“Breathe in, breathe out,” said Rossum to Roberta Armani, who accepted the John B. Fairchild Honor on behalf of her uncle and was trying to conquer stage fright. Trying to calm her nerves, Rossum joked: “Let’s put a little more pressure on you, why don’t you go up there and sing something in German?”

Roberta Armani eventually made it through well – without singing. “I so wanted to do a good job for my uncle,” she said, taking her seat, after recounting how the late legendary editor was once disappointed in Armani for inviting 700 guests to a dinner in Milan, saying there “were a few too many. My uncle thought he was a brilliant and clever man.”

Piccioli, flanked by Iman, enthused about his job. “The more I did it the more I needed to do it,” he said of “translating his emotions and dreams in his job.” As if he weren’t busy enough with his collections for Valentino, Piccioli is in the midst of curating A Magazine.

Jones was among those who kept their remarks brief. “Thank you to Mr. Arnault who trusted me to start with Dior, I absolutely love it. And I have such a great team that I work with that makes every day a joy to do it,” he said.

Josh Luber, co-founder of, StockX which was honored as Best-Performing Retailer — Small Cap, took just a moment to look back and accept the award and then refocused on the future. “It’s good to be recognized for the work that we’ve already done, but it’s like day zero over at StockX. We are just getting started. We’ve taken how the stock market works and applied it to consumer goods…Imagine a world without retail price point — not every product, but a lot. Any product that’s truly supply and demand constrained. Any product that you ask the question, ‘What is this worth?’ That’s what we’re doing, variable pricing.”

Raissa Gerona, chief brand officer of Revolve, the publicly-traded contemporary e-commerce platform, accepted the award for Best-Performing Retailer – Large Cap and said, “We’re proud to have pioneered the influencer marketing space and today have a network of over 3,500 global ambassadors who help promote our product every single day. Thank you to our over 500-plus designers for helping us create a trusted, premium online destination. Last but certainly not least, thank you to our employees – the over 1,100 people who work out of Cerritos.”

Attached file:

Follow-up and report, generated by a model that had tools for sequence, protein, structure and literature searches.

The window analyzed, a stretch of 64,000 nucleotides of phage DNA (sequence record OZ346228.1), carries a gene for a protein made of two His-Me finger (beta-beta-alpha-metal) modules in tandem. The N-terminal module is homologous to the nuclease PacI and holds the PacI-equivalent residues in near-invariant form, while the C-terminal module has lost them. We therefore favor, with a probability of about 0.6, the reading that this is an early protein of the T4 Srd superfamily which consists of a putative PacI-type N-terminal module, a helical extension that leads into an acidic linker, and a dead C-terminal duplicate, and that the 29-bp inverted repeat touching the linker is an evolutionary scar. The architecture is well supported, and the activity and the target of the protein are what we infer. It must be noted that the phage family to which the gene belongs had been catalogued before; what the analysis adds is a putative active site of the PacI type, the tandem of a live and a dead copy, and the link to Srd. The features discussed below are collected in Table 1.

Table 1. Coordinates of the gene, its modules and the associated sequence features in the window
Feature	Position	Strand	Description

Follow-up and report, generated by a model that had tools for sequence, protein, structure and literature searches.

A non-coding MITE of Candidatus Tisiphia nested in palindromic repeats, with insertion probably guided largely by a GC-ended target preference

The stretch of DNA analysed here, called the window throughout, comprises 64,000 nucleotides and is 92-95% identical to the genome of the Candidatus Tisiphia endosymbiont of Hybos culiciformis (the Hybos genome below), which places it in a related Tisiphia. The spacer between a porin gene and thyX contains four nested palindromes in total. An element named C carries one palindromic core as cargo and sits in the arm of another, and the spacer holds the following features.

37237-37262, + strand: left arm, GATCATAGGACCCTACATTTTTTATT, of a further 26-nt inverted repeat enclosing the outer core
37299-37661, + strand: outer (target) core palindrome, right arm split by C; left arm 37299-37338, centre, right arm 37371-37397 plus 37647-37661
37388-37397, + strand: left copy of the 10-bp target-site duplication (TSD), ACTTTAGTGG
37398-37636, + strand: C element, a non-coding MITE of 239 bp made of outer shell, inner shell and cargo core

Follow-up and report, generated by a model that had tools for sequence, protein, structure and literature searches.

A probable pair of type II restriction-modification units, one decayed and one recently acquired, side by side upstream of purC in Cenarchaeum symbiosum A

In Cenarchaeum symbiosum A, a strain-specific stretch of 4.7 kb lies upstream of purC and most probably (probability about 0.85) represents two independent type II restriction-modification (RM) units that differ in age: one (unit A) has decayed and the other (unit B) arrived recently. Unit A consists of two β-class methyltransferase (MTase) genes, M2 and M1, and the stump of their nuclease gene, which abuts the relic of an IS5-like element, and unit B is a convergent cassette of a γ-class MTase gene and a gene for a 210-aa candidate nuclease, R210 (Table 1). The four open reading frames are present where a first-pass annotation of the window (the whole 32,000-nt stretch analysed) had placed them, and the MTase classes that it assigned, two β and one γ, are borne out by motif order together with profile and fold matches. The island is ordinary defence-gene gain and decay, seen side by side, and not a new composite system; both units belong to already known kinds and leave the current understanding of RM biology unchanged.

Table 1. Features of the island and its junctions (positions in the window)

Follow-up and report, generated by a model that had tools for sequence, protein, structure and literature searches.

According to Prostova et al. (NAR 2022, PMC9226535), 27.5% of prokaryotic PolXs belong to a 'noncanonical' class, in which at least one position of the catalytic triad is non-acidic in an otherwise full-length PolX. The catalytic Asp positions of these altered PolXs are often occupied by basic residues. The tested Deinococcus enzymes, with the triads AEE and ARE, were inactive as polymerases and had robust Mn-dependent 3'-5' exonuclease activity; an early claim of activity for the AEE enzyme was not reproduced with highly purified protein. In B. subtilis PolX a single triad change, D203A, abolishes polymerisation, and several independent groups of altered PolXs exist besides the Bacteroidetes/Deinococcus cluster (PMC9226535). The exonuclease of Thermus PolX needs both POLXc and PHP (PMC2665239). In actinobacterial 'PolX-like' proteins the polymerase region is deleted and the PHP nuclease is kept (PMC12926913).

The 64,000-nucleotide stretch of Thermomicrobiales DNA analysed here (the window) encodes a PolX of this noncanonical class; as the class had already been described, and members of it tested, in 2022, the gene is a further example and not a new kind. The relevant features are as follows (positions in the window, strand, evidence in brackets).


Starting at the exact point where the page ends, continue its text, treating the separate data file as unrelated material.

Gregg Renfrew, chief executive officer and founder of clean beauty brand Beautycounter, winner of Best Performing Beauty Company – Small Cap, took a red eye in from Los Angeles, where she and her family have been evacuated from their home because of the Getty wildfire. “Don’t blame our products for the bags under my eyes,” she joked, adding that when her daughter asked why she had to go to New York, she told her, “Because we won the Academy Awards of the fashion and beauty industry!” Accepting her award, Renfrew ended with a plea to the industry: “Clean beauty is the now and the future.”

Tracey Travis, the chief financial officer for the Estée Lauder Cos., which won Best Performing Beauty Company – Large Cap, touted Lauder’s strong financial results as she accepted the company’s award. “I am going to be corporate for a moment, so Stella, please forgive me,” Travis joked, after  McCartney had mentioned she’s rarely involved with things that have “corporate” in them.

“I’m really proud about what we’ve delivered … but I’m actually more proud about how we do it,” said Mary Dillon, the ceo of Ulta, who won the Edward Nardoza Honor for CEO Creative Leadership. She credited the company’s more than 45,000 employees, and said that Ulta’s strong results are a result of common purpose, values-based leadership and the power of believing that beauty truly is limitless.